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Belgium: Aquafin gets EUR 100m EIB loan to finance wastewater treatment in Flanders

  • Belgium: Aquafin gets EUR 100m EIB loan to finance wastewater treatment in Flanders
    ©Aquafin
  • Eleventh loan agreement between EIB and Aquafin; EUR 100 mln to expand waste water treatment infrastructure for Flemish cities and municipalities.
  • Financing will be used to finance investments that will further boost the percentage of treated waste water in Flanders between 2020 and 2022.

About the entity

European Investment Bank
The EIB is the European Union's bank. We are the only bank owned by and representing the interests of the European Union Member States. We work closely with other EU institutions to implement EU policy.
Schneider Electric
Idrica

The European Investment Bank (EIB) and the Flemish wastewater treatment company Aquafin have signed a new loan agreement, this time worth EUR 100 million. It concerns the first tranche of the eleventh framework agreement between the two parties, which has a total value of EUR 200 million. The funds will be used to expand the collection and treatment of waste water in Flanders. Currently slightly over 84% of all waste water in Flanders is collected and treated, partially through this loan facility, that percentage is set to climb further in the coming years.

Apart from a number of smaller projects, Aquafin will build 3 new waste water treatment facilities and expand 5 existing installations, all of which are located at less than 50 km from the North Sea coast. Since the project will result in a significant reduction of untreated rain and waste water reaching the North Sea, the loan contributes to the “Clean Oceans Initiative”. Furthermore, a lot of existing infrastructure will be optimised or replaced, for example with separate sewage for rain- and waste water.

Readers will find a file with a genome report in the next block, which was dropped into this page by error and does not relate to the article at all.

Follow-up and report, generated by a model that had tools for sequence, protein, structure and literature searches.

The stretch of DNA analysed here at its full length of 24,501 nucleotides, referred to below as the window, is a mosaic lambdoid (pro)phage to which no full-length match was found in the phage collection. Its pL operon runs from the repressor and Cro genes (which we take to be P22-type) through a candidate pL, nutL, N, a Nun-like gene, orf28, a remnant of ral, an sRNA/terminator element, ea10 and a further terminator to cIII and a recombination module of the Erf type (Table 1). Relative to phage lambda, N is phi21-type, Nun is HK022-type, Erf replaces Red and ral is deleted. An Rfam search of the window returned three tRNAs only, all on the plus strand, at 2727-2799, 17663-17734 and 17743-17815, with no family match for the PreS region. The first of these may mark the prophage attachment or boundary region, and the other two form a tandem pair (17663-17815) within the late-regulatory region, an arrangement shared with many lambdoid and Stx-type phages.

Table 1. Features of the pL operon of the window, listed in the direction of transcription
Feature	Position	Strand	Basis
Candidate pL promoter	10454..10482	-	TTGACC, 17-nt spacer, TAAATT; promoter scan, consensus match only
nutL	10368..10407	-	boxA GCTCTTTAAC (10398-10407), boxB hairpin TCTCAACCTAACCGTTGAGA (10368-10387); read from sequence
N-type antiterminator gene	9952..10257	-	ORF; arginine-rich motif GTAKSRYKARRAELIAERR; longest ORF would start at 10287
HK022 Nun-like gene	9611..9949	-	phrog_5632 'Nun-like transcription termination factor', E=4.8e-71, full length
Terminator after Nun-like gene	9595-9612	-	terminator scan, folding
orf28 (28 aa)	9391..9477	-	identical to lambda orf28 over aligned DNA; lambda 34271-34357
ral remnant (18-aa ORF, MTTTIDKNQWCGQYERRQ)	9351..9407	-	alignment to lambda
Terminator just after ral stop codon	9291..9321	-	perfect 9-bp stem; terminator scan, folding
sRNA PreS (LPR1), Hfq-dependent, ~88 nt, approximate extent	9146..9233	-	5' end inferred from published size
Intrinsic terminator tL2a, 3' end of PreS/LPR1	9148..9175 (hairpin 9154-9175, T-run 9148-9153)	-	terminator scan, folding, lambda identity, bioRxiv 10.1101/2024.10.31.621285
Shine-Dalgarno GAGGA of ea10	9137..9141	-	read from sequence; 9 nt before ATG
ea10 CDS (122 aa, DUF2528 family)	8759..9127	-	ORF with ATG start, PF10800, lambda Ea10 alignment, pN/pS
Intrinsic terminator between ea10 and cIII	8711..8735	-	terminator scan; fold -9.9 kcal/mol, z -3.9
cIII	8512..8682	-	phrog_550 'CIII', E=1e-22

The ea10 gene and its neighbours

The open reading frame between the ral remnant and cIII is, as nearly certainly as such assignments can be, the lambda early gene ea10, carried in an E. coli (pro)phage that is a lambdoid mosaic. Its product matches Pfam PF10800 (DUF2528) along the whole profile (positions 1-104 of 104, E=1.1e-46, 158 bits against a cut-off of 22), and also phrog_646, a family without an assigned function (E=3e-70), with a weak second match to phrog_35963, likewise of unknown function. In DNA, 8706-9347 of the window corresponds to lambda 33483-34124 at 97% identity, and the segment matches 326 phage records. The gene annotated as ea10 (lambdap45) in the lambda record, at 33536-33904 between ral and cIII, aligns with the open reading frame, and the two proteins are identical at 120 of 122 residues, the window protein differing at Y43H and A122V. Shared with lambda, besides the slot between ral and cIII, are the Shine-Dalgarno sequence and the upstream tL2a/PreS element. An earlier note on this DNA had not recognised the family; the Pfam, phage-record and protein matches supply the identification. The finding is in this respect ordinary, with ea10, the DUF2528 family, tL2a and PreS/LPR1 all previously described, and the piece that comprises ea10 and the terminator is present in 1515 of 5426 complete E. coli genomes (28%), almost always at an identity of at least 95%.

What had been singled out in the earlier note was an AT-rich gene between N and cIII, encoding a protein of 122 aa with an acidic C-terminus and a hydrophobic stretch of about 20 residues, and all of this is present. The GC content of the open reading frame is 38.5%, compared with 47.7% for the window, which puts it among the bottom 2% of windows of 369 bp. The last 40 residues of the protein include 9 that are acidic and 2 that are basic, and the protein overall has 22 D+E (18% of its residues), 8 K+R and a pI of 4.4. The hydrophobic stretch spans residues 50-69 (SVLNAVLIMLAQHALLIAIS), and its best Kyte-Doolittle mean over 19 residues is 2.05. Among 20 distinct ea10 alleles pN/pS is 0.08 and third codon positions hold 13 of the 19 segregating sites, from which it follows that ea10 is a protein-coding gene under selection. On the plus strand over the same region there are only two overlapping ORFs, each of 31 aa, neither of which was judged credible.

Through this loan, Aquafin also contributes to the EIB’s climate objectives, since 51% of the sub-projects covered under the facility have a direct positive link with regard to climate change. The execution of these project is expected to create 4.700 FTE in employment. The installations that will be built and renovated will treat the waste water more efficiently, leading to a reduction in energy use and CO2-emissions. Energy efficiency measures will be carried out on all connected installations under the project.

Emma Navarro, EIB vice-president responsible for climate commented: “The importance of separate water discharge for the environment is easily underestimated. Due to climate change we can expect more intense and frequent rain, which will put enormous pressure on existing sewers. The EIB is glad that, through the fruitful collaboration with Aquafin, Flemish waste water can be managed separately, which also contributes to the Clean Oceans Initiative.”

“This EIB financing supports Aquafin and Flanders in meeting several objectives,” states Aquafin CEO Jan Goossens. “through a further expansion of the treatment infrastructure, the recovering aquatic fauna in streams and rivers will get a necessary breath of air. In case of heavy rains, the targeted disconnection of rainwater reduces both the risk of flooding and the chance that untreated water flows into surface waters. Furthermore, these decoupling projects stimulate the local re-use of water, which is important in bridging long draught periods. Last but not least, through our side-projects for energy efficiency and the production of renewable power, we give a significant contribution to the Flemish climate targets.”

Since investments have an impact on man, nature and society, the EIB puts great importance on the sustainability of the projects it supports.

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